Archive for the ‘#AllBlackFriday’ Category

#AllBlackFriday celebrations conclude with a tribute to New Zealand’s all-time leading try scorer, Doug Howlett. He made his debut for the All Blacks against Tonga in 2000, and over the next seven years scored 49 tries in 62 Test matches. Howlett is also the all-time leading try scorer in Super Rugby, having crossed the whitewash 59 times in that prestigious competition. After the 2007 World Cup Howlett moved to Munster, where he continued to be prolific, scoring 35 tries in six very successful years with the Irish province. Howlett’s time at Munster included a Heineken Cup¬†triumph in 2008, which earned him the rare distinction of having won a major domestic trophy in both hemispheres (he won Super Rugby, then called Super 12, with the Auckland Blues in 2003).

When Howlett retired at the end of the 2012-13 season, rugby lost a special talent. On the wing, Howlett was a pure finisher. In the first video below, one thing you will see again and again is Howlett in the right place at the right time, accelerating onto the ball, and touching down in the corner. Howlett elevated the fundamentals to an art form, and many current wingers would do well to study the timing and accuracy of his support play. Of course, it didn’t hurt that he was blessed with sub-11 second 100 meter speed! Howlett was also more than capable of putting in the big hits. The second video below shows him taking down a much bigger man, Saracens and South Africa hooker Schalk Brits.

Happy #AllBlackFriday

It’s Thanksgiving Day here in the States, as well as #throwbackthursday, so it seems like a good time to pay tribute to a legendary All Black of yesteryear, Jonah Lomu. Lomu became the youngest All Black in history when he made his Test debut for New Zealand against France in 1994 at age 19, and became a global superstar at the 1995 World Cup. His unique combination of size (6’5″ and 273 pounds, according to Scrum) and sub-11 second 100 meter speed made him nearly unstoppable and captivated rugby audiences everywhere. Despite towering over most forwards, Lomu played on the wing because of his speed, agility, and finishing ability. He scored 37 tries in 63 Tests for the All Blacks, and is the all-time leading World Cup try scorer – 15 in 11 games over the course of the 1995 and 1999 tournaments.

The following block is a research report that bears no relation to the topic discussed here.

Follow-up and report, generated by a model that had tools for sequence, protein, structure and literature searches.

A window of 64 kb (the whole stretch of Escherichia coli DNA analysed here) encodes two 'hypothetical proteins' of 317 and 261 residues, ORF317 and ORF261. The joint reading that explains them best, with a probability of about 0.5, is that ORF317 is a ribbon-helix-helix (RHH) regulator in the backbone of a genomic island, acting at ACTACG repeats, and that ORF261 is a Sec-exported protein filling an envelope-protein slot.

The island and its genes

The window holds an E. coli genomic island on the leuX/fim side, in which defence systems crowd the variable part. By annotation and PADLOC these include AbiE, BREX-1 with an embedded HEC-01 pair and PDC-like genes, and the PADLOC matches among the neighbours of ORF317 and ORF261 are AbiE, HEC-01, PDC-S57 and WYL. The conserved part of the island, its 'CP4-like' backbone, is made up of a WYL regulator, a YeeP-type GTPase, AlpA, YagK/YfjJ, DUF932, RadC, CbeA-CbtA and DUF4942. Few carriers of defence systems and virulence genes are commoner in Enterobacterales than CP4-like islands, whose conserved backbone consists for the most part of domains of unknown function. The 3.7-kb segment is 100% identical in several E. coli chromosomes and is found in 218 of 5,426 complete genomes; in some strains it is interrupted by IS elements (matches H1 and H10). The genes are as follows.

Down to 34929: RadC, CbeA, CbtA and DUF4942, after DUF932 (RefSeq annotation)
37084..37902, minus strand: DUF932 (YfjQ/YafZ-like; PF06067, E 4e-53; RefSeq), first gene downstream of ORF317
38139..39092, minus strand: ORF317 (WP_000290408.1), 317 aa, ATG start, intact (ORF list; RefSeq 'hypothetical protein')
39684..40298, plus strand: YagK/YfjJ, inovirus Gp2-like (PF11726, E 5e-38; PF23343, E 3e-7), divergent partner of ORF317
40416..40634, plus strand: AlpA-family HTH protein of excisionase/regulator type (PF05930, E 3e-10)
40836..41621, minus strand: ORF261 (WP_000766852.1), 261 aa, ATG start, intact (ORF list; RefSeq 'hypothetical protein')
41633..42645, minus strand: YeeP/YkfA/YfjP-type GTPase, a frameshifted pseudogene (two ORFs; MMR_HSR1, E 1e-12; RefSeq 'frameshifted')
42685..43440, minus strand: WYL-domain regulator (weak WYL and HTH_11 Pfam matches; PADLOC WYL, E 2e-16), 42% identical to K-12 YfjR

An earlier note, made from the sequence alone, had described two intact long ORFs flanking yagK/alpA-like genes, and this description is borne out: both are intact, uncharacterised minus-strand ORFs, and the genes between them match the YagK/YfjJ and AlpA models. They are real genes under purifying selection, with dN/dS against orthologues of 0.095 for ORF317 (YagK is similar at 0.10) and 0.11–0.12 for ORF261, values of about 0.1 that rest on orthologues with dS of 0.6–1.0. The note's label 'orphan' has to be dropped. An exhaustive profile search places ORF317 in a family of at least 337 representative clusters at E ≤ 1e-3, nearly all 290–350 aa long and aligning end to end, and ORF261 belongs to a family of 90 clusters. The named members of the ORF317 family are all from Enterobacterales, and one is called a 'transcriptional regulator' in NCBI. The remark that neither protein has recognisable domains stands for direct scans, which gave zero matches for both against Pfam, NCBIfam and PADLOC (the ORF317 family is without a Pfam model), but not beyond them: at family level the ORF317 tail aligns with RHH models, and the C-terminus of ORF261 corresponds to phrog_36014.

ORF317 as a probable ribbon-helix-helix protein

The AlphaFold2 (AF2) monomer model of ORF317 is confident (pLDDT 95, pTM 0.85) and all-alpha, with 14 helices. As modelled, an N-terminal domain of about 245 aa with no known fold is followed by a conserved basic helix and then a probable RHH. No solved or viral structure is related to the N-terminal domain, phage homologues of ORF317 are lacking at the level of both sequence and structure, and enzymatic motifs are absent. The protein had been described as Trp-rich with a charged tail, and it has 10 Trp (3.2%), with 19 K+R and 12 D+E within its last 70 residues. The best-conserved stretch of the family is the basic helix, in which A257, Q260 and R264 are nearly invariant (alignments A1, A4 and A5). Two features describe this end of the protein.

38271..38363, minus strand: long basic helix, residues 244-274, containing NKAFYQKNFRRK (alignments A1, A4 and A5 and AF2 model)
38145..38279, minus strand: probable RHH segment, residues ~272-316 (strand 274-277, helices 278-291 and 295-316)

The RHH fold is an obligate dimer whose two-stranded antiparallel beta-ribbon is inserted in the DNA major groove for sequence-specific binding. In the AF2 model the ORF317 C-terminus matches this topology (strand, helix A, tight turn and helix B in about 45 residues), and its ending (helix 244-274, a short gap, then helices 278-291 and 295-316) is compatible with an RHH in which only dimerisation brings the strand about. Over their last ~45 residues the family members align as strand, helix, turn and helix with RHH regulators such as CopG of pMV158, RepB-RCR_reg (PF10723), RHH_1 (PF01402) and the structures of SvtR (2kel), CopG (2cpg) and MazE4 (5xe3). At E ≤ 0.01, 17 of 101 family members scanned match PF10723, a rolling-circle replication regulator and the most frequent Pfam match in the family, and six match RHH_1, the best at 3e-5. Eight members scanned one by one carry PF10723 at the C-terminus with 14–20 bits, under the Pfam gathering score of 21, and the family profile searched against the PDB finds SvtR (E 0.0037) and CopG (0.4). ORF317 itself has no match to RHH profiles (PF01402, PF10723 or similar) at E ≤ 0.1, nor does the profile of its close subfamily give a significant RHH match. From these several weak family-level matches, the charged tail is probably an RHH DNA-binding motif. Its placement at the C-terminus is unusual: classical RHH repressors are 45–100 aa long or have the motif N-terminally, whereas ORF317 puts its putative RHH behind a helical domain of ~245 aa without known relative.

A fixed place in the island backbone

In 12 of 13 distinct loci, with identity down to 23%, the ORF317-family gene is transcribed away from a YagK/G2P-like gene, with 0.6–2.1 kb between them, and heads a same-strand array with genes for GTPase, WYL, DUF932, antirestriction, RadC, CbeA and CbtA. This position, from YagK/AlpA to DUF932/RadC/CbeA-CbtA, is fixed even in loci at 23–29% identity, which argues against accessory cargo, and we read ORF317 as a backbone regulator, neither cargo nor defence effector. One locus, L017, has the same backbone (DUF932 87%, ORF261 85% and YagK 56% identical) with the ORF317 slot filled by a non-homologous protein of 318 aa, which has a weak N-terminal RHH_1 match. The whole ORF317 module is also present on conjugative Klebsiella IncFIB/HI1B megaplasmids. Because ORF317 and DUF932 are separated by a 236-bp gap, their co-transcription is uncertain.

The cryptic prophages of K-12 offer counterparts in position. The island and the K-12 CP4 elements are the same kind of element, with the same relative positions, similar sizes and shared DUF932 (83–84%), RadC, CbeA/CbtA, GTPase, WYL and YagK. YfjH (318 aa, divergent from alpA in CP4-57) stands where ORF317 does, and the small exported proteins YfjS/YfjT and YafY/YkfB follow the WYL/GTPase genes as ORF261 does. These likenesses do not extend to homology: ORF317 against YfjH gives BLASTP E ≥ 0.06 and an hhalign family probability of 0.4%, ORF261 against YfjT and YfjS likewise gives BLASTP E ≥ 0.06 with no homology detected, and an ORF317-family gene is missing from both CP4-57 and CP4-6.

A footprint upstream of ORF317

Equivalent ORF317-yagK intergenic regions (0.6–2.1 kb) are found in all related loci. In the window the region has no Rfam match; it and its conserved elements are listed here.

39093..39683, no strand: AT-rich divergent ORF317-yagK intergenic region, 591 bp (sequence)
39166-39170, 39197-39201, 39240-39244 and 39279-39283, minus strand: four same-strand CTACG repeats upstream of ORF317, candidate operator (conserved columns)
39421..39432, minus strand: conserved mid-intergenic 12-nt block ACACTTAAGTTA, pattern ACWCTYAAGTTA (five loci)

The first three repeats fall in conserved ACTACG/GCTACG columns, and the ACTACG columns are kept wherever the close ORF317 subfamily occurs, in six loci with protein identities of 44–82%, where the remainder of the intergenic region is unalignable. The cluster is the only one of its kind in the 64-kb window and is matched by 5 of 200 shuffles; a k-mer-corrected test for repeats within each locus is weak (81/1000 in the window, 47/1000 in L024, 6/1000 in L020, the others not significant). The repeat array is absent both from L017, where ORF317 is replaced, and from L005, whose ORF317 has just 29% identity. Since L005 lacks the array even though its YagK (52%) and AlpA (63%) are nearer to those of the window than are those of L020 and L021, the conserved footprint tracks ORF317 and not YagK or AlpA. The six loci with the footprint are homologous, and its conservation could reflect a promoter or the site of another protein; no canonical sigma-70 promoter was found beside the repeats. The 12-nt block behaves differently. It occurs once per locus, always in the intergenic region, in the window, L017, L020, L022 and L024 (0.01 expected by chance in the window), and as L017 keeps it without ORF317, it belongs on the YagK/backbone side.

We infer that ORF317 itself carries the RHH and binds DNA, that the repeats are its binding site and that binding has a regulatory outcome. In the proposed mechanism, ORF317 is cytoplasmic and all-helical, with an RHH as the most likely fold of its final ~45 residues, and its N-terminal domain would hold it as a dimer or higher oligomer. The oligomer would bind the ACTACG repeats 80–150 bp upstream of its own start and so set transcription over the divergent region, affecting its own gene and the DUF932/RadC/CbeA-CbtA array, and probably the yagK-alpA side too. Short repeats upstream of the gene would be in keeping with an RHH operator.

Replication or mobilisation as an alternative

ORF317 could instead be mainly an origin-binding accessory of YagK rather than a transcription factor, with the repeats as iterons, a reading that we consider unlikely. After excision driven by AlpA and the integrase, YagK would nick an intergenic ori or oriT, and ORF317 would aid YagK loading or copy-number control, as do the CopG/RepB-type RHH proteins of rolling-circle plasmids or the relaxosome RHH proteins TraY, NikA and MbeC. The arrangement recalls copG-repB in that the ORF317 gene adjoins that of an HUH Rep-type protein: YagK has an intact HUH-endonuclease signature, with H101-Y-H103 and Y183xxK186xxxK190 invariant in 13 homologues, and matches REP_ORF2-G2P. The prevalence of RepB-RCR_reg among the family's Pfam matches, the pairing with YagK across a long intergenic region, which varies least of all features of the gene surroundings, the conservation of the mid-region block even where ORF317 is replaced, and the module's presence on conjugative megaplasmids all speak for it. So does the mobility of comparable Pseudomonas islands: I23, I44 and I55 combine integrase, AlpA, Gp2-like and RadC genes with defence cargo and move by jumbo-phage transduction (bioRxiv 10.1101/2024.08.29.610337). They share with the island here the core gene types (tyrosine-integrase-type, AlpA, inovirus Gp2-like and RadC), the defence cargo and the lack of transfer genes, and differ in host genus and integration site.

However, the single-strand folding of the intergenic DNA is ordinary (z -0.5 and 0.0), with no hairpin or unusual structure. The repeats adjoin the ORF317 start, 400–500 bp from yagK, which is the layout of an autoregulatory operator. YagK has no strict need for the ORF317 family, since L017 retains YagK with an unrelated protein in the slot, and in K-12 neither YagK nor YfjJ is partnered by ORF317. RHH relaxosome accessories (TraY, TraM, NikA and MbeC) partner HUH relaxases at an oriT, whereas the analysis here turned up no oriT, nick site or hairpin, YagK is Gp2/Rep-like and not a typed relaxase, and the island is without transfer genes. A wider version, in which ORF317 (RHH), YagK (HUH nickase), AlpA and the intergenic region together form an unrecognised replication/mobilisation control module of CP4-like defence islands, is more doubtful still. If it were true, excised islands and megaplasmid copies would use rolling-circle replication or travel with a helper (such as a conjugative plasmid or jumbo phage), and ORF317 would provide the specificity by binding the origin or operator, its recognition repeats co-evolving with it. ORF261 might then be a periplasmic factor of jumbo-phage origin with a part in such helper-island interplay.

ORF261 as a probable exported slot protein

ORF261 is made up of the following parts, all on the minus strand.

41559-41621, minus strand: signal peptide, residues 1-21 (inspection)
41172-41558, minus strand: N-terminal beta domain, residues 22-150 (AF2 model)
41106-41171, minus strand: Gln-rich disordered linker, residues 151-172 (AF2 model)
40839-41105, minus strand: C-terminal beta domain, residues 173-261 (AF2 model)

Sadly, a rare and serious kidney disorder hampered Lomu’s rugby career almost right from the beginning. Rugby fans can only wonder what might have been. Lomu had a kidney transplant in 2004, and has required dialysis for the past two years, but said in a recent interview with the Irish Independent that his health is “really, really good.” Jonah: thanks for all the wonderful memories you provided on the rugby field, and best wishes for continued good health.

Check out the videos below for some of Lomu’s greatest moments and to see the great man reflect on his career.

Happy #AllBlackFriday